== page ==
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Children's speech recognition in noise using omni-directional and dual-microphone hearing aid technology

Children's speech recognition in noise using omni-directional and dual-microphone hearing aid technology

Ear and Hearing 20(1): 1-11

Objective: The purpose of this study was to examine children's speech recognition abilities for words and sentences presented in background noise when the children used omni-directional and dual-microphone hearing aid technology. Design: Twenty children (ten 4- to 6-yr olds; ten 7- to 11-yr-olds) with bilateral cochlear hearing loss (average four-frequency hearing loss = 57.25 dB BL; range: mild to severe) were included in the study. An adaptive test procedure was used to estimate a signal to noise ratio (SNR) that reduced individual speech recognition ability to 50% in multi-talker background competition. Testing was completed with the child seated in a conventional audiologic test suite. A fixed level of the speech signal was delivered through a loudspeaker located at 0degree; noise varying in 2 dB steps was presented at 180'. SNR was estimated for two types of speech materials (closed-set words and sentences). Children wore binaural programmable hearing aids (Phonak PiCS) and were tested in conventional omni-directional and dual-microphone ("Audio Zoom") conditions. Results: Significant effects of microphone condition, speech material type (words and sentences), and age group ("younger" and "older') were revealed by mixed design analysis of variance. Overall, children received a mean advantage of 4.7 dB from listening in the dual-microphone condition. Children's performance was correlated with their chronological age and language age (receptive vocabulary) but not with their degree of hearing loss (except in one condition). Younger children required a more advantageous SNR to achieve the same performance criteria as older children. Conclusions: Under the specific test conditions used in this investigation, dual-microphone hearing aid technology provided a significant listening advantage in background competition over conventional omni-directional microphones for children with mild to severe cochlear hearing loss for both word and sentence test materials.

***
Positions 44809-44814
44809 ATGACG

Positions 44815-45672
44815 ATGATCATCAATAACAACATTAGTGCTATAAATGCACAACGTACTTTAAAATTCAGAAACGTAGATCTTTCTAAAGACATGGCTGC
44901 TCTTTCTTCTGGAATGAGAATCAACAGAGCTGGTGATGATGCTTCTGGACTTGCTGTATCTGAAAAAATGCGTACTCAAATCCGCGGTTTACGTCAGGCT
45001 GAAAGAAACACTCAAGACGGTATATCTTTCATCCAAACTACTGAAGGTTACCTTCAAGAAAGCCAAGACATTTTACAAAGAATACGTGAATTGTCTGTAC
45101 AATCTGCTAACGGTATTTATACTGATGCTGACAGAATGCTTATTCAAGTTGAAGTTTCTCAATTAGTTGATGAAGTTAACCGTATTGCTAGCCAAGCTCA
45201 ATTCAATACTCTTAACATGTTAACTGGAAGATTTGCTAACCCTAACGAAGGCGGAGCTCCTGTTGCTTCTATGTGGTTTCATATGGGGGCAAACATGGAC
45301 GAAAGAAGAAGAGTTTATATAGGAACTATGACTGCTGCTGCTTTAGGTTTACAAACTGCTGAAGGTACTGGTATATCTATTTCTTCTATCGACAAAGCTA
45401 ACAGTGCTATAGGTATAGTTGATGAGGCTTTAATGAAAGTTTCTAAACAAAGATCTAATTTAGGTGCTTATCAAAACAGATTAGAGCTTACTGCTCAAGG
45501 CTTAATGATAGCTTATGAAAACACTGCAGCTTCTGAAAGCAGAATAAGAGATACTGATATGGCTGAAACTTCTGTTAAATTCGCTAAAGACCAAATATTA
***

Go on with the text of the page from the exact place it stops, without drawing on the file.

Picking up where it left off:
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Accession: 010315291

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PMID: 10037061

DOI: 10.1097/00003446-199902000-00001

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